When you’re ready to apply, be prepared to provide complete and accurate information. You’ll need documentation about your business, such as its legal structure, EIN (Employer Identification Number), and financial statements, if available.

Finally, and it probably goes without saying but is worth repeating, once you’re approved for a business card, use it responsibly. Pay on time. And always, always, always (and always, always a few times more) keep your personal and business expenses separate. Not only does this make bookkeeping easier, but it will also protect you from potential lawsuits.

What About Personal Credit Cards?

Business credit cards are specifically designed for company-related expenses, but new business owners might sometimes use their personal credit cards, particularly in the early stages of their business. This may be convenient because personal credit is immediately accessible, especially if the business’s creditworthiness isn’t established yet. However, using your personal credit has significant downsides. Using personal credit cards for business expenses can complicate your bookkeeping, making it tough to separate personal and business expenses, which can cause issues during tax time.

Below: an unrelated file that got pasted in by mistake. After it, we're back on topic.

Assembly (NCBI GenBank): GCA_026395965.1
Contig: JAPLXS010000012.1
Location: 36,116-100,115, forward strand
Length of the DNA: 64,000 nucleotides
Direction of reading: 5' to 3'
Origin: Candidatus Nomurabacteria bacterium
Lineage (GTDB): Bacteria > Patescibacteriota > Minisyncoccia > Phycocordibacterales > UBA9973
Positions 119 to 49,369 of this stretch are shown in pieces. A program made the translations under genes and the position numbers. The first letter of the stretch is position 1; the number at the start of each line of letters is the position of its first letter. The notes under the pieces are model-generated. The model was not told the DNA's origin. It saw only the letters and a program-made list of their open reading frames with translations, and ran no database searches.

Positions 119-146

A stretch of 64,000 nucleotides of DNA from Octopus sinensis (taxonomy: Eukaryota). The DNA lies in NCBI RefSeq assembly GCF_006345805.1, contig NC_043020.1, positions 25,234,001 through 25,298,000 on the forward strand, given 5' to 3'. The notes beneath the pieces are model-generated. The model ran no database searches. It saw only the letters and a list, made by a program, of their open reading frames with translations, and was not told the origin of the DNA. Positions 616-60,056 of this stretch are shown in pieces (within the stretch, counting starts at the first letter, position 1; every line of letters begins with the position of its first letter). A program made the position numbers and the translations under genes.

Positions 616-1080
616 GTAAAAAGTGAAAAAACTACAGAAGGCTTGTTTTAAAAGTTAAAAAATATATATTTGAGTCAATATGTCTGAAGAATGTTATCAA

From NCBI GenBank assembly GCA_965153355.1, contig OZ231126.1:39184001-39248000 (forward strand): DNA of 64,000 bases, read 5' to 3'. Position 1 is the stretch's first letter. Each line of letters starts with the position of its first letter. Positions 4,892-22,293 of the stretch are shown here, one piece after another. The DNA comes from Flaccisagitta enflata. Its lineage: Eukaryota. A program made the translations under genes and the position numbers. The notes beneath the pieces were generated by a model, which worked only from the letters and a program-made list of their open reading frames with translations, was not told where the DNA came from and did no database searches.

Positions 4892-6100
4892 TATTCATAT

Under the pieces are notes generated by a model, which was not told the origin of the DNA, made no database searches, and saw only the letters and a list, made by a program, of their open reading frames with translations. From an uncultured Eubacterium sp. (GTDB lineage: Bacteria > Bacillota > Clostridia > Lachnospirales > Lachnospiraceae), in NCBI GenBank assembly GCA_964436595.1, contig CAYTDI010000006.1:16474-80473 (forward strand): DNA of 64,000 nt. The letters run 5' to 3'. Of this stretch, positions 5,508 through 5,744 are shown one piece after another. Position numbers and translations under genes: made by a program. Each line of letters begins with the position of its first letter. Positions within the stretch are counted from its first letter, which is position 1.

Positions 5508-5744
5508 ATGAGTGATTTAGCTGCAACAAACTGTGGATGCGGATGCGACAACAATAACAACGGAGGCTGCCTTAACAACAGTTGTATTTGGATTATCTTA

Relying too much on your personal credit can also hurt your personal credit score, especially if you use a large portion of your available credit or miss payments due to high business costs. In fact, if you use 30% or more of your personal credit, it can make it more difficult for you to obtain business credit. Therefore, while personal credit cards might work as a short-term solution, and it may be the only option at first, it’s better to switch to a business credit card as soon as possible. This helps keep your personal and business finances separate, protects your personal credit, and helps you build a credit history for your business.

We Can Help You Make an Informed Choice

Securing funding through credit cards can be a strategic move for new business owners. With careful selection, responsible use, and diligent management, cards can not only ease immediate funding woes but also support long-term business growth by building credit and managing cash flows effectively.

As your Creative Business Counselor, I’m here to serve as the trusted advisor you need to ensure your company’s success. That means I can help guide you to make informed, educated financial decisions for your business. You don’t need to go it alone. 

Schedule a complimentary call with us today to get started.